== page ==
Slips and trips

Saeed Ahmadi, of the Institution of Occupational Safety and Health (IOSH), examines the issue of slips, trips and falls and how organisations can prevent them from happening

Slips, trips and falls are a common cause of workplace accidents and injuries all over the world.
Based on an International Labour Organisation (ILO) survey, they cause over a third of all major injuries in workplaces and can lead to other types of accidents, such as falls from height or falls into other hazardous conditions. The same survey also highlighted that slips and trips account for half of all reported injuries to members of the public in workplaces where there is public access. This includes hospitals, shops, and restaurants.
The UK itself is no different. Statistics published in the UK by the Health and Safety Executive showed that in 2021-22, slips, trips and falls accounted for 30 per cent of accidents which caused injuries in workplaces. This is in comparison with handling, lifting and carrying (18 per cent), being struck by a moving object (11 per cent), acts of violence (nine per cent) and falls from height (eight per cent).
Why is this happening? In busy environments with lots of foot traffic, flooring problems can quickly develop into dangerous hazards. From spillages to uneven wear of the floor or the ground surface, it’s crucial that those in control of workplaces and public places take proactive steps to prevent and deal with these issues before they cause a serious problem.
In almost all slip and trip incidents, contamination is involved in some form. For example, obstructions on walkways or uneven surfaces usually cause trips. Slips and trips can both result in a fall that occurs at the same level, as well as a fall from height in some circumstances.
But, as with other health and safety risks, it doesn’t have to be this way. Measures to prevent slips and trips are often simple and cost-effective for organisations – and much preferable to an incident actually happening and the personal and organisational fallout that happens as a consequence.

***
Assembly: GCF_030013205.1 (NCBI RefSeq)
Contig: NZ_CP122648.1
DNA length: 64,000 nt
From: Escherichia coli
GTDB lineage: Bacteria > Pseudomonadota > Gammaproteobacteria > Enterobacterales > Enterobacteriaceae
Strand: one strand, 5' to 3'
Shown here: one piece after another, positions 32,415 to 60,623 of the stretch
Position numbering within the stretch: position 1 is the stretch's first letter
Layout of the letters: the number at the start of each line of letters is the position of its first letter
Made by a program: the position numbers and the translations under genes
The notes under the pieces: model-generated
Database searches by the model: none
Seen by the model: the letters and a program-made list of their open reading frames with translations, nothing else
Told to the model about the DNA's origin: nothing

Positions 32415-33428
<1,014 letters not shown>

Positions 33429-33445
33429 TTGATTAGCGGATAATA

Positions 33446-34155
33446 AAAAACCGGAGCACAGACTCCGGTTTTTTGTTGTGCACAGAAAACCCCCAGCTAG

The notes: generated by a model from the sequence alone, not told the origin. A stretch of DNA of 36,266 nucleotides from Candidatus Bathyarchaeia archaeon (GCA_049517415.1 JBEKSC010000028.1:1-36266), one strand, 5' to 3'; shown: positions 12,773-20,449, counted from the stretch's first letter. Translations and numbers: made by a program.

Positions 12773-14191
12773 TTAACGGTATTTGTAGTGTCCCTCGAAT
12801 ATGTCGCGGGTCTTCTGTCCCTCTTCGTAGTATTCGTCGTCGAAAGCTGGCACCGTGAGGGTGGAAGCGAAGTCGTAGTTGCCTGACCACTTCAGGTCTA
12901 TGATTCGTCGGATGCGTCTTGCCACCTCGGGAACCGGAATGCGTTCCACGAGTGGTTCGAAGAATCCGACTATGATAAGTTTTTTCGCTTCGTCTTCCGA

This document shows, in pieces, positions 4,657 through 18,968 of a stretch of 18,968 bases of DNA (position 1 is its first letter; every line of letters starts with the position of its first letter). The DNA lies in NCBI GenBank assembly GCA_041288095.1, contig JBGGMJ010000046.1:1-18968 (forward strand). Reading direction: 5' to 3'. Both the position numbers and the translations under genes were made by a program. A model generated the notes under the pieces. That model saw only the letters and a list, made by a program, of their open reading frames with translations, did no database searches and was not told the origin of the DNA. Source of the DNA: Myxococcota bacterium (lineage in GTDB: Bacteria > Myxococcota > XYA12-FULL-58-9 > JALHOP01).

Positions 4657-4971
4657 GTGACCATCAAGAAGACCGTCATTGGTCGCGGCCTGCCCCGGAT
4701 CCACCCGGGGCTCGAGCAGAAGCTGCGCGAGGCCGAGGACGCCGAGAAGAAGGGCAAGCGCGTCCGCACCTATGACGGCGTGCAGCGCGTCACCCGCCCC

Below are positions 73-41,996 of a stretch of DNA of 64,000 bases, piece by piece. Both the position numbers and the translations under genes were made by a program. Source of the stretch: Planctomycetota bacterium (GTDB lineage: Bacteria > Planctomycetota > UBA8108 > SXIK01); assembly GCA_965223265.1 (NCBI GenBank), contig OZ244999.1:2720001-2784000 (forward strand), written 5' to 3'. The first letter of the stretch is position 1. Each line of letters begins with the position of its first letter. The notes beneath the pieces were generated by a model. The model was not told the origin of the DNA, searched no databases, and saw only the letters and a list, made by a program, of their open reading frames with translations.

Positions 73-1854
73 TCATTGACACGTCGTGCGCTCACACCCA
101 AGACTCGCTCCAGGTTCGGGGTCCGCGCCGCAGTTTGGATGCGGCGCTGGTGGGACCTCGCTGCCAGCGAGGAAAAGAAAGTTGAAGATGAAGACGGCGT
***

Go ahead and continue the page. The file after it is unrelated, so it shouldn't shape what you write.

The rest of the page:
The place to start is by undertaking a risk assessment to identify hazards – this is an effective preventative strategy as you can’t manage the hazards if you don’t know what they are.

Hazard Identification
Slips happen when someone is moving, when there is a loss of friction between the moving person and the surface being walked on. Such a loss of friction can lead to a loss of balance, unintended impact with other surfaces and/or a fall at the same level. In some circumstances, slips can lead to a fall from height. For example, a slip on an icy walkway, at the top of staircase, could lead to falling down the staircase.
Most slip and fall accidents are caused by contamination. Examples of this include rainwater, oil or dust being on the floor. And it doesn’t take a lot to create an issue. Even a small amount of contamination can be a slip hazard on smooth surfaces like vinyl, ceramic tiles or varnished wood floors.
Trips happen when the foot or lower limb gets caught on, collides with, or strikes something. Like slips, trips lead to a loss of balance, unintended impact with other surfaces and/or a fall at the same level, as well as possibly falls from height.
They can be caused by many things, but some of the common ones include:  poor housekeeping, uneven surfaces, a change in floor surface or level, damaged or worn-out carpets, raised slabs or drain covers, cracks or holes in a surface, and poor lighting, or insufficient lighting in work areas (internal or external).